New park life
Large-scale urban renewal might have fallen out of favour in some cities – grassroots revivals are the way ahead according to advocates of the late urban thinker Jane Jacobs – but it’s working just fine for New York City mayor Michael R Bloomberg. The latest project in Bloomberg’s dramatic overhauling of New York’s park system is Governors Island. Abandoned since 1996, the island (an army base dating back to the Revolutionary war and more recently a popular summer escape) sits in the harbour off the south end of Manhattan and in 2002 the federal government sold the island back to the people of New York for $1.
The project is to receive $41.5m (€34m) of City funds for construction, which will begin in 2012 and include a new ferry landing and a 3.5km-long waterfront. Another $220m will have to be raised for the second phase that includes a 40-acre park. (The plans for the areas around the park are not yet final: New York University has said dormitories and classrooms could be built there; there has also been talk of luxury hotels.)
If realised, this park, which is the vision of Adriaan Geuze of Dutch landscape architecture firm West 8, will include artificial hills, a “hammock grove” and playing fields. It’s as dynamic as Michael Van Valkenburgh’s Brooklyn Bridge Park, under construction on the piers across the water from Governors Island.
Three more NY projects:
1 Second Avenue Subway: The first expansion of New York’s subway for 60 years, phase one is due to open in 2016 costing $4.45bn (€3.55bn).
2 Atlantic Yards: This controversial Bruce Ratner-led project will transform old railway sidings between Brooklyn’s Park Slope and Fort Greene into a new stadium, due for June 2012.
3 Broadway from 23rd-30th street to North of Madison: Andrew Zobler, CEO of GFI Development, has one hotel, Ace, in this area and will now open a Nomad hotel on 28th and Broadway. A branch of the Gansevoort is also due to open on 29th and Park Avenue in August.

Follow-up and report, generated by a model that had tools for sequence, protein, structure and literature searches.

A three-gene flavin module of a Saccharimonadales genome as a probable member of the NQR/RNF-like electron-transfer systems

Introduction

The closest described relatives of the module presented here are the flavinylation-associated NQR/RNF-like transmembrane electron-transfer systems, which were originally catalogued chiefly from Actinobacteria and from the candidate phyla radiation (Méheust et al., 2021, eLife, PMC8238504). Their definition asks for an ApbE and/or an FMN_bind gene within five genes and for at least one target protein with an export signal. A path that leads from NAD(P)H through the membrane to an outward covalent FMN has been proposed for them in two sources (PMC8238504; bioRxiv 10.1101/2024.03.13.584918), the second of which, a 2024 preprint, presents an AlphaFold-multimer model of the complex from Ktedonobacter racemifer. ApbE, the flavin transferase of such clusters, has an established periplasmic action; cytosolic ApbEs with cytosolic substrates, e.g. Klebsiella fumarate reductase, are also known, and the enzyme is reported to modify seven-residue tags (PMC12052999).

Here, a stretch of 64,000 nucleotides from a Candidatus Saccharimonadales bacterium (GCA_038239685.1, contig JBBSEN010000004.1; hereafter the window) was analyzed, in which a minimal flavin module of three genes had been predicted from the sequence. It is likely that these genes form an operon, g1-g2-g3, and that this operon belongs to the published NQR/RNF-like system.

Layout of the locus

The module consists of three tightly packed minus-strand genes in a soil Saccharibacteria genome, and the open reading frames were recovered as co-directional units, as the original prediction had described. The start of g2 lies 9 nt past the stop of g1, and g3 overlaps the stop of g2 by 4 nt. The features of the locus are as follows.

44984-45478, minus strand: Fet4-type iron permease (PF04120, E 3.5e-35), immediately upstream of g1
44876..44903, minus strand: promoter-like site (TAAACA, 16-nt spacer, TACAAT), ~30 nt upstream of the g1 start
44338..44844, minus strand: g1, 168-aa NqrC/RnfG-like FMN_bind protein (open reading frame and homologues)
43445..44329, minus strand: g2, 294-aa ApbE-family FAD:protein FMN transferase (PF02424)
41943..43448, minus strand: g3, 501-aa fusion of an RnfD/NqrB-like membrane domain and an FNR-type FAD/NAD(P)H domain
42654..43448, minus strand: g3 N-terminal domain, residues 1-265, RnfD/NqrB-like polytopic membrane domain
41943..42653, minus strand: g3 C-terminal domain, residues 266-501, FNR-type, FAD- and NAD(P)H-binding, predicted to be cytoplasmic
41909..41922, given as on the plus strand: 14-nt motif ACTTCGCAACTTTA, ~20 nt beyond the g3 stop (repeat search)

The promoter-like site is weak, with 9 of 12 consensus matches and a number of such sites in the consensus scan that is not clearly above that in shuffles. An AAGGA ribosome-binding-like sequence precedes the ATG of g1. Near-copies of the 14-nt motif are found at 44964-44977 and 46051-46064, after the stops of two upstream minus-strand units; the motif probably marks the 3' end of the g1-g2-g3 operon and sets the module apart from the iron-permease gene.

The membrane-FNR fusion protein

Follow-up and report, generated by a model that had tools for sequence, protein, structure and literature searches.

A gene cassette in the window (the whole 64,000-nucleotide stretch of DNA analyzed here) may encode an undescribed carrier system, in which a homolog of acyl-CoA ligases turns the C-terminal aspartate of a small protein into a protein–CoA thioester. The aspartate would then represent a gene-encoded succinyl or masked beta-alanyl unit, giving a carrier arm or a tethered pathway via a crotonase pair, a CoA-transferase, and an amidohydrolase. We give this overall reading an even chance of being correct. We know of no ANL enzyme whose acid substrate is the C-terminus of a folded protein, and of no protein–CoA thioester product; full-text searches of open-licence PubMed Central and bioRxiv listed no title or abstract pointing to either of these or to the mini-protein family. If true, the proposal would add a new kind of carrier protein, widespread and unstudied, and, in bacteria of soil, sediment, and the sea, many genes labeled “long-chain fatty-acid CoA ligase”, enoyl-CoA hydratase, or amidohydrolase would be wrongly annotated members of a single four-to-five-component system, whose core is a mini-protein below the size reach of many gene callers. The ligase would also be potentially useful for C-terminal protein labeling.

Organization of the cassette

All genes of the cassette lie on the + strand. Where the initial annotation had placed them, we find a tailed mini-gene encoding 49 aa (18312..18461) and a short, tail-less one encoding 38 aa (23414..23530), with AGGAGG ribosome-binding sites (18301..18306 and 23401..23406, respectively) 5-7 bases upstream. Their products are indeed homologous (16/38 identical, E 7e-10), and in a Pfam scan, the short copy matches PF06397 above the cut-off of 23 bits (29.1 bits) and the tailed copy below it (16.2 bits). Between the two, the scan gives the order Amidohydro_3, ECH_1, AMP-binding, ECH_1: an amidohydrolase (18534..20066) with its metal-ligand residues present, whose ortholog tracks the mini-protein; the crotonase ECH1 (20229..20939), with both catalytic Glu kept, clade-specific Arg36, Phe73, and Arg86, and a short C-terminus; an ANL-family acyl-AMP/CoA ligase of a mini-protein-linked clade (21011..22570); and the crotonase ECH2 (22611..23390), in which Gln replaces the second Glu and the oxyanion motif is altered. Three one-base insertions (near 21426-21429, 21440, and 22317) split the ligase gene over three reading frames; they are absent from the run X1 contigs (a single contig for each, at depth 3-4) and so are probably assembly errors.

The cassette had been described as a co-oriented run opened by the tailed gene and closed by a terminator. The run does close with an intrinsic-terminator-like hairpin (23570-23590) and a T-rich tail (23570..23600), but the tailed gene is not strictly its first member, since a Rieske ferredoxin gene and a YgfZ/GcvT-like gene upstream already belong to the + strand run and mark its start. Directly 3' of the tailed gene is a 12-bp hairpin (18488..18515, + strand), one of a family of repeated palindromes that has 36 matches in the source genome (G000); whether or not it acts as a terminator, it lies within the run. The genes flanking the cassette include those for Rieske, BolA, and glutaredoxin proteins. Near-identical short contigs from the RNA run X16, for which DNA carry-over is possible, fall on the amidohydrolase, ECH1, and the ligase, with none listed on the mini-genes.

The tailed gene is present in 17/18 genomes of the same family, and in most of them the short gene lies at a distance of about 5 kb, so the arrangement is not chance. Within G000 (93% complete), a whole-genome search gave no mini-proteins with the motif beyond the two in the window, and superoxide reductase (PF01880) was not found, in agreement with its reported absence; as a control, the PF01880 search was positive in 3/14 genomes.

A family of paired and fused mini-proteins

Latin America [POLITCS]
In Latin America, serving as mayor can be a launch pad for the presidency. Former mayors have been elected president in Colombia, Uruguay and Guatemala. As a region where mega cities can reach 11 million people, the mayor’s office carries serious political clout.
In Colombia, the mayor-packed Green Party – recently founded by three former Bogotá mayors – has become a major force in politics. Brazil’s José Serra, a former mayor of São Paulo, is hoping that his stint will serve as a trampoline for the presidency. He is ahead (just about) in the polls. Brazil’s presidential elections get under way in October.
The Brazilian government is pinning its hopes on libraries to promote social inclusion in some of the country’s poorest communities. As part of its intensive Growth Acceleration Program, designed to bring its infrastructure into the 21st century, Brazil is modernising existing libraries, budgeting to increase book stocks and building state-of-the-art bibliothecas that are more like community cultural centres (with theatres and meeting spaces) than reading rooms.
Many of the library projects are in poorer neighbourhoods where social options are few and youth are vulnerable to gang recruitment.
In May, Canada’s universities went on an unprecedented binge of academic poachings, banking on scientific innovation to bolster future economic growth. With C$196m (€150m) of government money, they hired 19 top research scientists from around the world. Each will receive up to C$10m a year over seven years to support their work.
Rafael Viñoly Architects was founded in 1983. Among its current projects is the regeneration of London’s iconic Battersea Power Station.
Which cities are leading the way in terms of quality of life?
New York, London, Amsterdam, Chicago, Montevideo.
Which cities need to try harder?
All of them.
Who are the urban visionaries?
Scientists thinking about the economic and sociological impact of urbanisation.
What would you change about New York?
The planning process.
Which city would you like to move to?
All of them.
Which elements from cities around the world would you take to make the perfect place?
The excitement of New York, the civility of London, the work ethic of Tokyo, the people of Rio and the air quality of Montevideo.
Despite having the second highest GDP in Latin America (after Brazil), Venezuela is struggling with its crime rates, especially in the capital. In 2010’s first quarter, 1,535 murders were reported in Caracas. That’s 691 more than the same period in 2009 and 881 more than 2008’s first quarter.